Ukraine 4


Intermittent blogging continues.


Because one Chernobyl wasn’t enough.

That link.


In Polish press, reports of sporadic and very amateurish (yet) attempts by Belarusians to sabotage their own railway lines to disrupt Russian military transports.

Reminder: this part of the world has a pretty long and distinguished tradition of partisan warfare.

4 March, 10:07AM:

This doesn’t sound good:

Just hours before the TV address, Putin had phoned Emmanuel Macron to tell the French President that he has no intention of pulling back from Ukraine or watering down his security demands, will achieve his aims ‘whatever happens’ and will continue fighting until ‘the end’.

Macron’s aides said after the call that they believe Putin intends to take the whole country, and that the ‘worst is yet to come’ as the Russian attacks step up, and that ‘there was nothing in what President Putin told us that should reassure us.’

Mr Macron is said to have told Putin he is making a ‘major mistake’ and ‘lying to himself’. Macron said Russia would end up poor, weakened and under sanctions for a very long time.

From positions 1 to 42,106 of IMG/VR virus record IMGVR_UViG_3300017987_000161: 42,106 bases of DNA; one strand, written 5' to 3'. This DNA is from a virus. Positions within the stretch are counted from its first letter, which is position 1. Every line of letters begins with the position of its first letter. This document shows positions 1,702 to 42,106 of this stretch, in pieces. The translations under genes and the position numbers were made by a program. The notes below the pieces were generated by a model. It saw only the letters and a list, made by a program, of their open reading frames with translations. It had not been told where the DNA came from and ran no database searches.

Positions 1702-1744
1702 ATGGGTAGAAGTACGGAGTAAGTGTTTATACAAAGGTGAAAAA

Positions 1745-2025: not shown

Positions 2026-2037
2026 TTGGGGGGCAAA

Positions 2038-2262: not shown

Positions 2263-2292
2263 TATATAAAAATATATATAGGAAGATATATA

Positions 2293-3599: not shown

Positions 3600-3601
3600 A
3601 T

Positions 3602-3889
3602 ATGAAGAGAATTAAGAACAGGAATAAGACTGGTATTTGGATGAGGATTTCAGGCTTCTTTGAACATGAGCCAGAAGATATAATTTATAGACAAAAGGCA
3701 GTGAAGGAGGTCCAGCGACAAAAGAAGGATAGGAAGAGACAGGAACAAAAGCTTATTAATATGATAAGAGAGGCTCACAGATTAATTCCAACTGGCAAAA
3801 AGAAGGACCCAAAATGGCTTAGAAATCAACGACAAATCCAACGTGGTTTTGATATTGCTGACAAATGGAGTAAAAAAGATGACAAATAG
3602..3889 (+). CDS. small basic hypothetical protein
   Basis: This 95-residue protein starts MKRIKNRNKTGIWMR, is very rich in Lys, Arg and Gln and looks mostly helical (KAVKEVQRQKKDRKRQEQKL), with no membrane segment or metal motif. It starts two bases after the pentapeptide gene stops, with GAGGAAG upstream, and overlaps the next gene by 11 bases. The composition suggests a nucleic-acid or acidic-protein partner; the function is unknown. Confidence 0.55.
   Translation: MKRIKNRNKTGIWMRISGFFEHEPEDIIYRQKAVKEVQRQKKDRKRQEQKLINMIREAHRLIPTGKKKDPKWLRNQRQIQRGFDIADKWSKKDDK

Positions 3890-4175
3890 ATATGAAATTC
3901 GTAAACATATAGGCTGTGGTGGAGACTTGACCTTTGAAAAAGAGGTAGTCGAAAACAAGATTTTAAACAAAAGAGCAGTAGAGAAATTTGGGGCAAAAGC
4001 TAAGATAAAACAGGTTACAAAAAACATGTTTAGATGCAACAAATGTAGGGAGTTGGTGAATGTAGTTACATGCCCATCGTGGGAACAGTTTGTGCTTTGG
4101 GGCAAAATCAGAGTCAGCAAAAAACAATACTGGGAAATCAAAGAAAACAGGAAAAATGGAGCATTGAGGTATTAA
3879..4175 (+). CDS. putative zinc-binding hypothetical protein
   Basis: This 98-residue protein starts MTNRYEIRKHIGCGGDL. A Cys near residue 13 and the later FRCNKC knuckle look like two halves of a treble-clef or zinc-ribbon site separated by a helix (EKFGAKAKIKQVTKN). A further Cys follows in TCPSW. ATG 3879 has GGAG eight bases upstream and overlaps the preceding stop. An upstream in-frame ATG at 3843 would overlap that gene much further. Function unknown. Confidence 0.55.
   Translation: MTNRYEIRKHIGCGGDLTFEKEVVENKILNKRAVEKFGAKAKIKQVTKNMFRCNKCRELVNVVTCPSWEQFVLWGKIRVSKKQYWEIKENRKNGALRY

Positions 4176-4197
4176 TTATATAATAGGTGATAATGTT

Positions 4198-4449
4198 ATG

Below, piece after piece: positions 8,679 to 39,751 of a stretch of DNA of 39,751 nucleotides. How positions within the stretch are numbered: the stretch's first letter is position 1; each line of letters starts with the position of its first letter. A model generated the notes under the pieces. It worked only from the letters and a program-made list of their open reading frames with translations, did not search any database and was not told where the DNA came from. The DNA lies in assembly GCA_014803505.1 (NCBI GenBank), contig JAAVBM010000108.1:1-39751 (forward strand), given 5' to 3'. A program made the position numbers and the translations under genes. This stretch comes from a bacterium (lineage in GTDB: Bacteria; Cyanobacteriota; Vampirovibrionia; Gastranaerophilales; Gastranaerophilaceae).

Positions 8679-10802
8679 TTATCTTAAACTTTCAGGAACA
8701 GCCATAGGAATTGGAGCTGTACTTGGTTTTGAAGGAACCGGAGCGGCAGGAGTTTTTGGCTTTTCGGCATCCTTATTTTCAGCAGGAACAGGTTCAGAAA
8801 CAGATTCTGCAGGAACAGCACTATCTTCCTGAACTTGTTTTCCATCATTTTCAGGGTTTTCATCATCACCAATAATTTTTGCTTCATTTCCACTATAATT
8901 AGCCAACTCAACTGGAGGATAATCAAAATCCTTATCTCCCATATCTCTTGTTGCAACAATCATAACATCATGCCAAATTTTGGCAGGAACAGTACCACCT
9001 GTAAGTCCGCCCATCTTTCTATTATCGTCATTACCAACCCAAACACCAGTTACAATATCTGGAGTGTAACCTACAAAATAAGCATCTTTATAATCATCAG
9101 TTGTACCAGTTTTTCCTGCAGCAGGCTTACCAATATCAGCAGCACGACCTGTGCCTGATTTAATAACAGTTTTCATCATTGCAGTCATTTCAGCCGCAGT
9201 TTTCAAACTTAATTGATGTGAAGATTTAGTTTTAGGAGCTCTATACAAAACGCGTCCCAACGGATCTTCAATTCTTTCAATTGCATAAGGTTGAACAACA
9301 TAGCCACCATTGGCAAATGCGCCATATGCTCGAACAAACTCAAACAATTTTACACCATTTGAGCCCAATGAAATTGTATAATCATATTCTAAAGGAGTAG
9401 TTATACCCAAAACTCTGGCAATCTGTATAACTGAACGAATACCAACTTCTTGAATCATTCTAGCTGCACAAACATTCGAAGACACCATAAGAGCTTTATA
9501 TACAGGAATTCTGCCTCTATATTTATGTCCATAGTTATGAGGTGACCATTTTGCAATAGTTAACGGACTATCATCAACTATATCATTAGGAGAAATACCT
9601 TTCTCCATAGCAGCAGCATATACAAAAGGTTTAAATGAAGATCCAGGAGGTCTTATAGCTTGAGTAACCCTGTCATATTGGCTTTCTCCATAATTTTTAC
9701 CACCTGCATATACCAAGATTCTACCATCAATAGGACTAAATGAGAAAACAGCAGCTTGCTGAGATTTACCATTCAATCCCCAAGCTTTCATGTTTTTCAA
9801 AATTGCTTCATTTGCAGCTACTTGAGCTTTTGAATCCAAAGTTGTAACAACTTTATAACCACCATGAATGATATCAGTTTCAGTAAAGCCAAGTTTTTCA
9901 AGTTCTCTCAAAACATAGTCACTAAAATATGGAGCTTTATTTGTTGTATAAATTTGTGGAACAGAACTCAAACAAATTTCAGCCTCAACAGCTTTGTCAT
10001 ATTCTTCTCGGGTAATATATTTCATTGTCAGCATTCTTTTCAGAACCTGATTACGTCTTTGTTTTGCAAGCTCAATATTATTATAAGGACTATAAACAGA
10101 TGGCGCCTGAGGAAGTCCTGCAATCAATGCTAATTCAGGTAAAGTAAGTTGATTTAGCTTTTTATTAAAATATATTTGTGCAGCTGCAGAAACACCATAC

‘There was nothing in what President Putin told us that should reassure us. He showed great determination to continue the operation,’ Macron’s aide said, before adding that Putin ‘wanted to seize control of the whole of Ukraine’.

But Putin does not control all the factors. Autocrats often tend to forget about the limits of their power.


What are Russia’s short-term military objectives? There seem to be three:

1) cut Ukraine from the sea. By taking Marupol, Russian forces will have linked Donetsk with Crimea with a land bridge and closed off Azov Sea. The next step, having taken Kherson, is likely to be a drive east, possibly combined with a troop landing in Odessa, to take the Black Sea shoreline all the way to the Moldovan border.

2) take Kyiv, as a political and symbolic centre of the country, allowing Putin to install a puppet government.

3) take more of eastern Ukraine by any possible number of pincer movements from north and south, for example Kharkiv and Donetsk, or Kherson and Kyiv. This would leave only the headless western part of the country in the hands of legitimate Ukrainian authorities. Having achieved that, Putin can claim victory and either proceed to mop up the rest of Ukraine at a more leisurely pace or rest satisfied with his successes so far.

The unknown factors: continuing morale of Russian troops; the logistical problems of the Russian Army; the impact of Western military aid, particularly anti-armour weaponry; the impact of sanctions on Russian economy and society.

My friend Bill Roggio has a pessimistic take on the situation.